Carrot cake remains tasty with prune puree subbing for fat

February 10, 1993|By Patricia Jamieson | Patricia Jamieson,Contributing Writer

Purging fat from baked goods is always difficult because fat performs several functions in a recipe.

Fat makes baked goods tender by coating the proteins in flour and preventing them from joining together to form tough strands of gluten. Fat contributes to moistness and, when creamed with sugar, helps lighten and aerate the batter. And, as any expert baker can tell you, fat carries flavor.

Fruit puree can stand in for fat largely because the pectin and other soluble fibers it contains can also coat flour proteins. But without the flavor-enhancing presence of fat, the recipe must have some full-flavored ingredients so the taste of the final product is not overwhelmed by the puree. With this in mind, we chose a carrot cake with a rich spiciness for our puree experiment.

In the first round, we replaced all the vegetable oil with either prune puree or applesauce. Although our tasters found both oil-free cakes rubbery and the applesauce version bland, the stronger-tasting prune puree showed promise. Next we tested the recipe with a quarter of the oil in the original cake, substituting fruit puree for the rest. This time the prune flavor was undetectable and the cake was moist and pleasantly spicy. We improved the texture more by using cake flour in place of regular flour because cake flour is lower in gluten-forming proteins. With a few other fat-lowering strategies -- eliminating two egg yolks, halving the amount of walnuts and substituting low-fat cream cheese for butter and regular cream cheese -- the new carrot cake was delicious and contained less than a third of the fat of the original.

Reduced-fat carrot cake

Serves 16.

CAKE

1/4 cup walnuts

2 1/2 cups sifted cake flour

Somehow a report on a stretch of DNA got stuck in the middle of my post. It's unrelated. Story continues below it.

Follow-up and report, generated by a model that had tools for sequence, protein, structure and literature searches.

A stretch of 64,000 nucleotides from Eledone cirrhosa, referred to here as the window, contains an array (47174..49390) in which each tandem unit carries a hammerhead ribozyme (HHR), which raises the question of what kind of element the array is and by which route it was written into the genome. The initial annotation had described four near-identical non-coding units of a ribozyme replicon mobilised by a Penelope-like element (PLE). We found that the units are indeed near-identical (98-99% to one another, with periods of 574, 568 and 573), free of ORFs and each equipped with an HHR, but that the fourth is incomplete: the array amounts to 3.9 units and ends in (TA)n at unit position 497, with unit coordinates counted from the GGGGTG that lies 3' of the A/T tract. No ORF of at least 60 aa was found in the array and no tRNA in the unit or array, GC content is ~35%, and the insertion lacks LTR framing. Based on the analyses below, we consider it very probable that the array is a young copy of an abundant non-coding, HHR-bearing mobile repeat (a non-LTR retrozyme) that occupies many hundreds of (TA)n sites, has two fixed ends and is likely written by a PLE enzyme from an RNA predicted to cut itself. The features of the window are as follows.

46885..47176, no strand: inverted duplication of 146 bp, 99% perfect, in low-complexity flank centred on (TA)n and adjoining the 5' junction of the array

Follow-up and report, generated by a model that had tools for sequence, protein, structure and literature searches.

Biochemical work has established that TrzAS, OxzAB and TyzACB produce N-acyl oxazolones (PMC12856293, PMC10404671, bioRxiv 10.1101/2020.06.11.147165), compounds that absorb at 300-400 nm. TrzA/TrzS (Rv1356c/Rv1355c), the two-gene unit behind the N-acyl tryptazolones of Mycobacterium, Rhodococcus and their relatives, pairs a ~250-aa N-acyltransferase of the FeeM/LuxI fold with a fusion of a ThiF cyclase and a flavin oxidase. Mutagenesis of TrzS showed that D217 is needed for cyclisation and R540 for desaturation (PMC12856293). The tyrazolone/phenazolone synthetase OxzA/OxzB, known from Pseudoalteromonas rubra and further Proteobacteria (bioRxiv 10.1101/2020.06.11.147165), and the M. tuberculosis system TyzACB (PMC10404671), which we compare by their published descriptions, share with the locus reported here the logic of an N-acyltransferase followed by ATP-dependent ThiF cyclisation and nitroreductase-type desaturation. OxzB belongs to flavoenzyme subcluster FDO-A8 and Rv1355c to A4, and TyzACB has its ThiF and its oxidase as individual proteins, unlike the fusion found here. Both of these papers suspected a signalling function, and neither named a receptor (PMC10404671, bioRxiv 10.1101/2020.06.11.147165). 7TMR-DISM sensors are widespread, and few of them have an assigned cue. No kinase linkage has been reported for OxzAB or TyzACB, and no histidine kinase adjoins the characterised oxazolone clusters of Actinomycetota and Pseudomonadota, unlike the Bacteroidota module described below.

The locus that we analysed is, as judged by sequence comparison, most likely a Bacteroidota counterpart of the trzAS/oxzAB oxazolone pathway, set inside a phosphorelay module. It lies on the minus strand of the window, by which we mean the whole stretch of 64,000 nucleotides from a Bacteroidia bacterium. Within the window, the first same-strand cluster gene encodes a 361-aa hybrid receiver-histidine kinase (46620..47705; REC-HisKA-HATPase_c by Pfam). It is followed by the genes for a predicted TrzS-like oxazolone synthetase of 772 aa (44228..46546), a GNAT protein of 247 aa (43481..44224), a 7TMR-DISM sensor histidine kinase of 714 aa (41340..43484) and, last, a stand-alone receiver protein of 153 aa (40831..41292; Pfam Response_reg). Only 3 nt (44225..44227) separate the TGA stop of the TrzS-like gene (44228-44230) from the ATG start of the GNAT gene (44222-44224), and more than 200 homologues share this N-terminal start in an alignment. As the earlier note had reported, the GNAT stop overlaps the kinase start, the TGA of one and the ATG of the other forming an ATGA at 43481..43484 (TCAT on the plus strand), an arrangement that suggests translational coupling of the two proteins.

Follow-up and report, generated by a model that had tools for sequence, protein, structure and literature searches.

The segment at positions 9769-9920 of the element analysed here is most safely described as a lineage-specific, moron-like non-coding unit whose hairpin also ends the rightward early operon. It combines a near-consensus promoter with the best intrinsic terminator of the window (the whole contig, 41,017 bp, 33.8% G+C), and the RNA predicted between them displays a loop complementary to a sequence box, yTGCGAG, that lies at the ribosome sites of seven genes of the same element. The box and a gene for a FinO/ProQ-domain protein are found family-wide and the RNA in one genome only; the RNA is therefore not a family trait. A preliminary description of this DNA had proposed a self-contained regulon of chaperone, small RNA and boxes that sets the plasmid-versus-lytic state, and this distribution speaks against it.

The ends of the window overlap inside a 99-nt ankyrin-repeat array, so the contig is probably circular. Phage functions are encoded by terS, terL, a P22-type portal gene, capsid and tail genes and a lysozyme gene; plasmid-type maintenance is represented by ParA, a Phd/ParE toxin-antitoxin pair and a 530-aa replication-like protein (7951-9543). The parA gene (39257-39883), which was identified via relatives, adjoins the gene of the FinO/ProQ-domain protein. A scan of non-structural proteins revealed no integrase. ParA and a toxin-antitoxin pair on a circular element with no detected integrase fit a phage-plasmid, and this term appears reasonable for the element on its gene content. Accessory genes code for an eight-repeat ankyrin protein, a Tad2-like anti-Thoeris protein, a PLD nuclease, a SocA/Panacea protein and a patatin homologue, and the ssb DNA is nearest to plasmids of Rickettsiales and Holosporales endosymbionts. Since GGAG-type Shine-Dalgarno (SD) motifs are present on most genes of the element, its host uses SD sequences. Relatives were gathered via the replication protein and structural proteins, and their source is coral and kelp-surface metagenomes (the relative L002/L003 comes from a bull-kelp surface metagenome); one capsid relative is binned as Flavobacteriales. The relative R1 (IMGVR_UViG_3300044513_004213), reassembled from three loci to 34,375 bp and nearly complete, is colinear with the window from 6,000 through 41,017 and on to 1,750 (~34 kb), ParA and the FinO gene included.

2 teaspoons cinnamon

2 teaspoons baking powder

1 1/2 teaspoons baking soda

1 teaspoon salt

2 large eggs

2 large egg whites

2 cups sugar

1 cup prune puree (see below)

1/3 cup vegetable oil

2 cups grated carrots (5-6 small carrots)

18-ounce can crushed pineapple, drained

FROSTING

12 ounces low-fat cream cheese, softened

1/2 cup confectioners' sugar

1 1/2 teaspoon pure vanilla extract

Heat oven to 350 degrees. Coat the inside of three 9-inch round cake pans with non-stick cooking spray. Line the bottoms with wax paper and set aside.

Spread walnuts in a pie plate and bake for 8 to 10 minutes, or until fragrant. Let cool and chop coarsely.

In a medium-sized bowl, stir together flour, cinnamon, baking powder, baking soda and salt. In a large bowl, whisk together eggs and egg whites. Add sugar, prune puree and oil and whisk until smooth. Add the flour mixture to the egg mixture and stir with a wooden spoon until blended. Stir in carrots, pineapple and the toasted walnuts. Divide the batter among the prepared pans and bake for 30 to 35 minutes, or until a cake tester inserted in the center comes out clean. Cool for 5 minutes in the pan on a rack. Loosen edges and invert cakes onto racks. Peel off paper and let cool completely.

For frosting, combine cream cheese, sugar and vanilla in a bowl and beat with electric mixer until smooth and creamy.

Place 1 cake layer on a serving plate. Spread with a scant 1/2 cup of the frosting. Add another layer and spread another scant 1/2 cup frosting. Place the third layer on top and spread with the remaining frosting.

To make prune puree, in a food processor, combine 1 cup pitted prunes with 6 tablespoons hot water; process until smooth. Makes 1 cup.

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